There are entrances on each side of the building, but it is the south side that includes AT&T Plaza, which is where various events are held and a large screen shows highlights and other videos both before and after the game.
There is plenty of parking around the stadium for $15. I drove around a bit before the game and didn't find any free parking in the immediate vicinity. There is also transit available, with DART's Victory station mere steps away from the stadium.
The two seating levels are separated by the luxury boxes and club seats. The concourses are spacious enough and allow you to walk around the entire building on both levels.
In the seating bowl, there was plenty of room and I didn't feel crowded or have to sidle past my neighbors when taking my seat.
Tickets for hockey are not cheap but not ridiculously overpriced, particularly for the upper deck. I found a seat in the third row at the blueline for $45 which was more than reasonable. Considering that lower bowl seats range from $70 to $300, the upper bowl is the better choice. Sightlines from here were perfectly fine. The Stars also have the occasional ticket specials if they are struggling during the season, so check their website in advance.
The Stars put on a good show and I felt like I got my money's worth; I hope to return and spend more time exploring the area and the arena.
There are few bells and whistles once inside. On the lower concourse, one atrium has some small model AA airplanes hanging, and there is a cool exhibit illustrating just how high Dirk Nowitzki can reach when he jumps (138") that allows you to test your vertical leap as well.
The end zones have scoreboards that show other statistics on a continuous basis, something that I really appreciate and that other rinks should adopt. Face off, hits, and giveaway stats make a difference when watching and analyzing the game.
The Stanley Cup was in the house as the Stars had it brought to town for a local tournament. It was at Cowboys Stadium the day before and then here, drawing a line of fans who wanted a picture of themselves with Lord Stanley.
Overall, the AAC is an excellent venue for hockey. There isn't a lot of history yet, but they do have plenty of banners celebrating their success, including that one Stanley Cup banner that Buffalo fans refuse to acknowledge. Unfortunately the Mavericks banner had yet to be raised due to the lockout, which coincidentally had ended that very evening.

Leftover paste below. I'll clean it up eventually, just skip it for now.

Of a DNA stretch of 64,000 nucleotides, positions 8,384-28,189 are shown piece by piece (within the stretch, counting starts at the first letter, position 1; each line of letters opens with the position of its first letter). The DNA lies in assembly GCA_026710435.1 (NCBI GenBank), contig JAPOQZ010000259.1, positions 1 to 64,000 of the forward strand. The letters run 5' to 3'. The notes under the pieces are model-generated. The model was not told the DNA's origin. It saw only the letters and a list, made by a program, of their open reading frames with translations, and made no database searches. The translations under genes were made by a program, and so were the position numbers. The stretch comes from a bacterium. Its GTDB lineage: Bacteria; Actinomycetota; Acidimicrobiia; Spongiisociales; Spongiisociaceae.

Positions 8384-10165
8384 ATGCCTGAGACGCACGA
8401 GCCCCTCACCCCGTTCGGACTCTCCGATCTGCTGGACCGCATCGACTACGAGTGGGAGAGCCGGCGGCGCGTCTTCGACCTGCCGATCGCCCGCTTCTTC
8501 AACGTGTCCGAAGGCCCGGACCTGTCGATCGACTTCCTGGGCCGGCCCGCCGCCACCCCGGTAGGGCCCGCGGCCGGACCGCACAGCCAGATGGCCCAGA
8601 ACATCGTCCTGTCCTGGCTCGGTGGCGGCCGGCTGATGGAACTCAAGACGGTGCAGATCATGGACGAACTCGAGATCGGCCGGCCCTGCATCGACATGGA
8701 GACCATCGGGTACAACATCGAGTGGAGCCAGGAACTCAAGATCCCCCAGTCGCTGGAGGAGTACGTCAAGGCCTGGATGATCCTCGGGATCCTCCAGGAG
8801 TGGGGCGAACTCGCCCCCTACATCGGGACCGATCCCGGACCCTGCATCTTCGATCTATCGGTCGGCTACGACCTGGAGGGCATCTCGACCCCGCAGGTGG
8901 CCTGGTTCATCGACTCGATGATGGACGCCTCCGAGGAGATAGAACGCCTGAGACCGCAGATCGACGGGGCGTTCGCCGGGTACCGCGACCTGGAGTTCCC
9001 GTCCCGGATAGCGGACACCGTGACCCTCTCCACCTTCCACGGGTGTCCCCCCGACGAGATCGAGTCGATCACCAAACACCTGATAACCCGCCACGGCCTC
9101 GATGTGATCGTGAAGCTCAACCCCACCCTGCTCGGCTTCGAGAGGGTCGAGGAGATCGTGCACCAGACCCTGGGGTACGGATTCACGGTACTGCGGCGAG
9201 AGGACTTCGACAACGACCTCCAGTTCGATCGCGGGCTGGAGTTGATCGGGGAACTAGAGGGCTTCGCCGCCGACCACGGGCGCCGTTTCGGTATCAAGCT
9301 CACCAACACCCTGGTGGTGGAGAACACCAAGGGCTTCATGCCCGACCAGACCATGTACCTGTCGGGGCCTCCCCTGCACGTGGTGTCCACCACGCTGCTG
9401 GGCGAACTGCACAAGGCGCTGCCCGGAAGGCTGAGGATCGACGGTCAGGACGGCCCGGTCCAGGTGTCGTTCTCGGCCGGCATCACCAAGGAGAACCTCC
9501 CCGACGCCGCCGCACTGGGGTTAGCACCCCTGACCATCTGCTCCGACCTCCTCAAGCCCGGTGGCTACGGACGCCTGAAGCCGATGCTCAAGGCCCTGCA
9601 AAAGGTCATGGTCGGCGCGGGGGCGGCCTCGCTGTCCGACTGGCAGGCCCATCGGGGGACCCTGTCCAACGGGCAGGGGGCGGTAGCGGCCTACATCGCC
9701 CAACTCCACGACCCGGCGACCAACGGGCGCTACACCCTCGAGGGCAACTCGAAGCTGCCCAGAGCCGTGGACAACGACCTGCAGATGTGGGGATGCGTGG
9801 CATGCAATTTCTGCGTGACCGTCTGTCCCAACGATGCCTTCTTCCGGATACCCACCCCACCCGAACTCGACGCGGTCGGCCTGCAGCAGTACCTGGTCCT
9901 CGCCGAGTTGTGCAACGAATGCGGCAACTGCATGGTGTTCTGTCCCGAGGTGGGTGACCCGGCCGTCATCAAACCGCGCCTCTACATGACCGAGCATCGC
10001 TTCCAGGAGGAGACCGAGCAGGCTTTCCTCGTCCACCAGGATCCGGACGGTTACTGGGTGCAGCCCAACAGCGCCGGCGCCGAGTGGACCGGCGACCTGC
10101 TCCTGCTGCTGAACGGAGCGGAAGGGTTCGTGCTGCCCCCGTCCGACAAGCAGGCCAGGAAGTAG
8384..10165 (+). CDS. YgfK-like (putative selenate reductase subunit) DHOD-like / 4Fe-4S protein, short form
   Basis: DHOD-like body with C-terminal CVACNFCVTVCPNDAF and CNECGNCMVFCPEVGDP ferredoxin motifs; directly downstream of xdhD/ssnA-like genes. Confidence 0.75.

The venue is extremely clean, the staff are friendly, and the fans were nice, even to a visiting team supporter like myself. If you haven't been here, put it on your stadium journey bucket list.
Completed in 2001, The American Airlines Center is the second home of the Dallas Stars, after Reunion Arena. It is located just north of Dallas' Historic West End District, and is also home to the Dallas Mavericks of the NBA.
Colloquially referred to as the "A-A-C", it was built as a joint effort by the Dallas Mavericks and the Dallas Stars, supplemented by the Dallas city tax payers. The design, like so many modern sports facilities, is geared toward the luxury suite and corporate dollars while at the same time offering an excellent viewing experience in the less expensive "300 level".
Although approaching its 10th year, the building remains a premium facility that is cared for meticulously. Recent upgrades to the arena's ribbon display board, end displays, and central scoreboard provide Stars fans with one of the finest game presentations in the league. At the time of their installation, July 2009, the new scoreboards were the world's largest full high definition 1080p video boards in a basketball/hockey stadium.
Top notch facilities and a winning tradition make the American Airlines Center a great place to come see a Stars game.
2200 Victory Avenue
Dallas, TX 75219
400 N Olive St
Dallas, TX 75201